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Towns in Portugal © Pixabay
Towns in Portugal © Pixabay
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Portugal's Mysterious Ghost Towns You Never Knew Existed

Picture of Nina Santos
Updated: 25 March 2017
In Portugal, near empty villages (aldeias) and neighborhoods are not uncommon. Often set amid the wide open countryside, they may seem a bit eerie but there is nothing truly spooky about them. In reality, Portugal’s ghost towns are the result of economic changes and the shift from rural to predominantly urban lifestyles. Here are a few of Portugal’s most curious abandoned locations.

Rocha Amarela

If you have ever visited Algarve, it may be hard to imagine an abandoned rural village near to the resorts and beaches, but look a little closer next time. East of Alte (about 20 kilometers north of trendy Albufeira) lies Rocha Amarela (which means ‘yellow rock’), surrounded by seemingly endless natural beauty that includes springs, mountains, and adorable (populated) towns. There isn’t much that’s known about this village but walking through the peaceful streets makes for a welcome break from the usual party scene in Algarve. Plus, the nearby village of Alte is a nice stop after leaving Rocha Amarela, for some traditional Algarve culture.

Picões

How would you like to buy an entire village near Spain? Apparently, Picões, in the northeast part of Portugal, was for sale. In addition to seeing a completely abandoned village, Picões is a great place to go to immerse yourself in nature, surrounded by wooded and mountainous terrain. Another perk is that after a day of ghost hunting, you can relax over a glass of wine from the Douro Region, at one of the local vineyards or wineries.

Abandoned Village in Portugal ©Mpires
Abandoned Village in Portugal | ©Mpires
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Covêlo do Monte

Another village that has been for sale is Covêlo do Monte in Boticas, which hasn’t had a resident in over 50 years. Filled with stone walls and crumbling stone houses, there doesn’t seem too much that anyone can do in this area other than farming or winemaking, but the decrepit infrastructure is amazing to see. While it’s unclear exactly how old Covêlo do Monte is, it is located in one of the oldest parts of Portugal near Trás-os-Montes. Sticking with the mysterious and ghost-filled themes, after visiting Covêlo do Monte, try a glass if Vinho dos Mortes (Wine of the Dead) which is wine that has been buried underground, after being bottled, for 2 or more years.

Covêlo do Monte © Henrik_mad / Wikimedia Commons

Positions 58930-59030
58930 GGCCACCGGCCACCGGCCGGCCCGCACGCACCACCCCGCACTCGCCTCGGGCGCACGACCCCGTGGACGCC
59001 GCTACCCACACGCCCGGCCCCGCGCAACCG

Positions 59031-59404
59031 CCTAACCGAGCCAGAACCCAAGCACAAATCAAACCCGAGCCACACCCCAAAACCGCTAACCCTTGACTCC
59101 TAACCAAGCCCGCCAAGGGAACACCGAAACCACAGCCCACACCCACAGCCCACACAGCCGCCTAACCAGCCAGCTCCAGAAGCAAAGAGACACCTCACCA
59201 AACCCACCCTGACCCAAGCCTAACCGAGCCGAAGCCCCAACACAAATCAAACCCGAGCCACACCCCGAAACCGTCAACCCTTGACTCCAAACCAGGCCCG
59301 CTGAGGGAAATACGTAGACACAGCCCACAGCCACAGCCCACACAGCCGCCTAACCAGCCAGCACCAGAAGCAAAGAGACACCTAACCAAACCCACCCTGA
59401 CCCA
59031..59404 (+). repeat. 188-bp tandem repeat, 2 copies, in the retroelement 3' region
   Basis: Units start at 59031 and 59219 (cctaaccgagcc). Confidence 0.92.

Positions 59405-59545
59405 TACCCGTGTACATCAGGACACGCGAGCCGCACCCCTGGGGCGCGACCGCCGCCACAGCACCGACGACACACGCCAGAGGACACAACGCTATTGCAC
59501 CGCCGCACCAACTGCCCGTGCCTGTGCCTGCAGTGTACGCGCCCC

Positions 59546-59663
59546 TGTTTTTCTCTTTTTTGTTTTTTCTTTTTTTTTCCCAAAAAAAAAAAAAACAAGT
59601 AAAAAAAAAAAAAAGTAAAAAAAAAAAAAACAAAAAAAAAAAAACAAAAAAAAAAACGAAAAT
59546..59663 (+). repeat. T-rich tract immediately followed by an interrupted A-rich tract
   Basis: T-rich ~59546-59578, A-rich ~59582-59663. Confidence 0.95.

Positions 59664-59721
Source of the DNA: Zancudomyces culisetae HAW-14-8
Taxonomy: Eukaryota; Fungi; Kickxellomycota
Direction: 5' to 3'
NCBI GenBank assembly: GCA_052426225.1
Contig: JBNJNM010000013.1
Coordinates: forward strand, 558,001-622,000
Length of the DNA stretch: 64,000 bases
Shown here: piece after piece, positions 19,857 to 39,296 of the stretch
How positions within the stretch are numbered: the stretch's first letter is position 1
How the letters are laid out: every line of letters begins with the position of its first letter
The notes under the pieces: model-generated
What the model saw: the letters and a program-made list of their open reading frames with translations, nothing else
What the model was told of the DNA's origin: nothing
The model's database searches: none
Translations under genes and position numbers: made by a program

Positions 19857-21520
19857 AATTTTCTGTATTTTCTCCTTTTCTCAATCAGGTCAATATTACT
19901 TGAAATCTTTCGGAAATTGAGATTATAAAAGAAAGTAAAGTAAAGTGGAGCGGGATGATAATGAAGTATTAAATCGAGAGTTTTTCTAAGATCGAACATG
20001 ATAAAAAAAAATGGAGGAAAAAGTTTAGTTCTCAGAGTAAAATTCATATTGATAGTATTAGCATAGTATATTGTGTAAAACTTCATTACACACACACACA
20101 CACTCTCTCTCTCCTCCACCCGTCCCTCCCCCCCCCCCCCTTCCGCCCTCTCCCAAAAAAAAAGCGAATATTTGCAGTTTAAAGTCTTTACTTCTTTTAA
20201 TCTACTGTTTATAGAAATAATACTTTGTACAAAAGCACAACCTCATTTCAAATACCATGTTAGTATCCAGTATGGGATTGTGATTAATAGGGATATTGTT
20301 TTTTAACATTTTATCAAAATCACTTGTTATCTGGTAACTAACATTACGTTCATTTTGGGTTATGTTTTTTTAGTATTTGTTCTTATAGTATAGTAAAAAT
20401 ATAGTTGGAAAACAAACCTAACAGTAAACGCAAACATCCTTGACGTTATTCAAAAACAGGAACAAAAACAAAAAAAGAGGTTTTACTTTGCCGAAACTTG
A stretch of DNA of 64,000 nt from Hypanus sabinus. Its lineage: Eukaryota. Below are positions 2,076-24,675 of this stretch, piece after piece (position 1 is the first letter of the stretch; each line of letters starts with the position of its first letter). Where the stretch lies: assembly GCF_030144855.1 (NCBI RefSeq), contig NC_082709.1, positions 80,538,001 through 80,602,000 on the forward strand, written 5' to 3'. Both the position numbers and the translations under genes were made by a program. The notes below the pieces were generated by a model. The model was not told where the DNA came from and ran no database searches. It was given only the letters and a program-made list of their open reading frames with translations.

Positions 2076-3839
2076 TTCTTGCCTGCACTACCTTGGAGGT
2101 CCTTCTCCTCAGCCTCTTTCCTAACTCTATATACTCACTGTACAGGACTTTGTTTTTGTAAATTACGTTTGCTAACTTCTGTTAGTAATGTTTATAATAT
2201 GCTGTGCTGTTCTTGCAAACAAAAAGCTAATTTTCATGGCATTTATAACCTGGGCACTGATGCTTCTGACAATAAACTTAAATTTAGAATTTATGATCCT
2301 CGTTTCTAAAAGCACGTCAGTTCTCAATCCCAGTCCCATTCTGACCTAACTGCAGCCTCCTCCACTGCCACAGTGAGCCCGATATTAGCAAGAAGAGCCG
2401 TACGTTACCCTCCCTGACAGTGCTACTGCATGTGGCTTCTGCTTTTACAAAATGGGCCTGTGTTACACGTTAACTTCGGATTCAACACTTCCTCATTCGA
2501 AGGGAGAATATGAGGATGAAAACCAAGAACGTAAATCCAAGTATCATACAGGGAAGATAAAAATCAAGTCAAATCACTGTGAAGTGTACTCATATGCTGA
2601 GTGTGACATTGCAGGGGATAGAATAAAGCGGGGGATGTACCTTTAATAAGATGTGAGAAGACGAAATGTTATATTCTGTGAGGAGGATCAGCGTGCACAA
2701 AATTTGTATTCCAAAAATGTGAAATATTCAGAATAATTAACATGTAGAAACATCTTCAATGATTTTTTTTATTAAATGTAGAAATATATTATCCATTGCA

Covêlo do Monte © Henrik_mad / Wikimedia Commons

Vilarinho das Furnas

On the outskirts of the Peneda-Gerês National Park lies a village called Vilarinho das Furnas. The unique aspect to this village, other than being abandoned, is that it spends most of its time submerged under water. In 1972, a local reservoir was filled and Vilarinho das Furnas drowned in the process. This seems to have been a planned event, the last resident had moved out the year before, in 1971. Obviously, being almost completely submerged makes it hard to visit on most days, but the area becomes a popular destination when the water levels drop low enough for the village to peek out. The village is thought to date back to Roman times, due to other infrastructure in the area, and may once have been inhabited by Visigoths, a nomadic German tribe that flourished during the late Roman Empire.

Vilarinho das Furnas © Benkeboy / Flickr
Vilarinho das Furnas | © Benkeboy / Flickr
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Juromenha

As with Algarve, abandoned villages near Lisbon are something many people may not expect, but hop on a train and travel one hour away from the capital and the isolation will soon become apparent. Lived-in since the 9th century, Juromenha may not be completely abandoned today but the numbers are dwindling and a few structures have long since been forgotten, including a 10th-century Arab castle.

Juromenha Fort © Joaomartinho63 / Wikimedia Commons

Juromenha Fort © Joaomartinho63 / Wikimedia Commons

Like neighboring Spain and nearby France, Portugal is full of towns and villages that are heading towards desertion in the near future. A few villagers still stroll along the streets that they’ve known since birth, and some immigrants return to their homeland to build vacation homes, but mostly, the numbers are declining. Rich in history and natural beauty, they need an opportunity for a second life. Fortunately, some villages get that chance, such as Pedralva in Algarve.